When The Equality Act 2010 was introduced, the legislation meant that an employer could be vicariously liable for harassment by a third party (such as a customer or a contractor).
The legislation stated that if (a) that third party had harassed an employee on at least two previous occasions; and (b) the employer had failed to take reasonably practicable steps to stop the harassment, that it would render the employer liable.
Many employers struggled with this piece of legislation believing that they had no control over the behaviour of people who were not their employees, however if they did not demonstrate they had taken steps to stop any such harassment their own employee could be awarded compensation in an employment tribunal.
However, this piece of legislation is now being repealed, with effect from 1st October 2013, under the newly made The Enterprise and Regulatory Reform Act 2013 (Commencement No. 3, Transitional Provisions and Savings) Order 2013. So, no more liability for third-party harassment for employers!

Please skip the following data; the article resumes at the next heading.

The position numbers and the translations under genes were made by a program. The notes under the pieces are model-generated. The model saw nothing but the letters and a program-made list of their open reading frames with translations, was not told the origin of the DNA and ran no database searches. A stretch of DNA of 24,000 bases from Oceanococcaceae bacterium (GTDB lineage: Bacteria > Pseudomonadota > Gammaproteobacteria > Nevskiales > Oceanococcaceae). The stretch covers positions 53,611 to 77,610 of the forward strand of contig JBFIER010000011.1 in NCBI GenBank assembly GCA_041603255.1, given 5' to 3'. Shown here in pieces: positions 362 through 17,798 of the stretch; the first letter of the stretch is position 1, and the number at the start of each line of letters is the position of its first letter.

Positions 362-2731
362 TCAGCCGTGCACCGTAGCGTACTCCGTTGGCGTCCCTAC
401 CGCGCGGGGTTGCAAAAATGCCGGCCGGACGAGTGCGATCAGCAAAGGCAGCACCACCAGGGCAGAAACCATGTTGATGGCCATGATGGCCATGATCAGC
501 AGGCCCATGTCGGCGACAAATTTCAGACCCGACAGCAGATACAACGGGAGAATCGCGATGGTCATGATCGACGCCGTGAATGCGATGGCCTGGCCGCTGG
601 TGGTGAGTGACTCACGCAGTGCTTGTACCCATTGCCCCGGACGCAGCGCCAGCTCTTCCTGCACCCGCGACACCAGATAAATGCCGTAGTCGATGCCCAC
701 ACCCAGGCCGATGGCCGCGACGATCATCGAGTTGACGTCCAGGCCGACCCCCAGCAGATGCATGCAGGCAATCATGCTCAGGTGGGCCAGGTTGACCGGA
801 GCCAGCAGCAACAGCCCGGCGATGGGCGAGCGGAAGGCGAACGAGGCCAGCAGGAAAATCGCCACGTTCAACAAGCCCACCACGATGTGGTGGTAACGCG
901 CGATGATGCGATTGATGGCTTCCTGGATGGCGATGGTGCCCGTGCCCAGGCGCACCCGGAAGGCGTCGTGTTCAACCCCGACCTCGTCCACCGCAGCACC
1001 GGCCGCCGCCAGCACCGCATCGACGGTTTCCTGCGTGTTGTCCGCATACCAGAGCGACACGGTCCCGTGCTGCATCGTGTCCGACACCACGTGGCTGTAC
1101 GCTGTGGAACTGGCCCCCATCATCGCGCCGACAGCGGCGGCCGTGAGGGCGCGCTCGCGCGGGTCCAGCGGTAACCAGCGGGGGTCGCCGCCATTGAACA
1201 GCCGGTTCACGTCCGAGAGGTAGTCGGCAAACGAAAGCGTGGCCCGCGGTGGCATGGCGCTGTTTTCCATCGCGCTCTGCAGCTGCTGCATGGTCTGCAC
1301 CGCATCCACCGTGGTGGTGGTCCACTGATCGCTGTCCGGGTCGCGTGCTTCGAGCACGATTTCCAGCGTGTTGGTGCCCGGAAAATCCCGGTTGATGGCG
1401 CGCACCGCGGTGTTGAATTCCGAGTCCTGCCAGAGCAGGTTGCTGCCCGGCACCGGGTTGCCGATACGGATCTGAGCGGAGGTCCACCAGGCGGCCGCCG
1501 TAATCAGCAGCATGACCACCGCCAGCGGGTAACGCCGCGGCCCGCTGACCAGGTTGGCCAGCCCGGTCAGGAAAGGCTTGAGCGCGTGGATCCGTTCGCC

However employers should not take this quite so literally; as all employers will still have a duty of care towards their employees and should deal with any complaints appropriately, remembering at all times that harassment is about how the employee feels and the employer should not substitute their own views as to how they themselves would feel if subjected to any potential harassing behaviour. Employees could still potentially bring costly sex discrimination and constructive dismissal claims against their employer.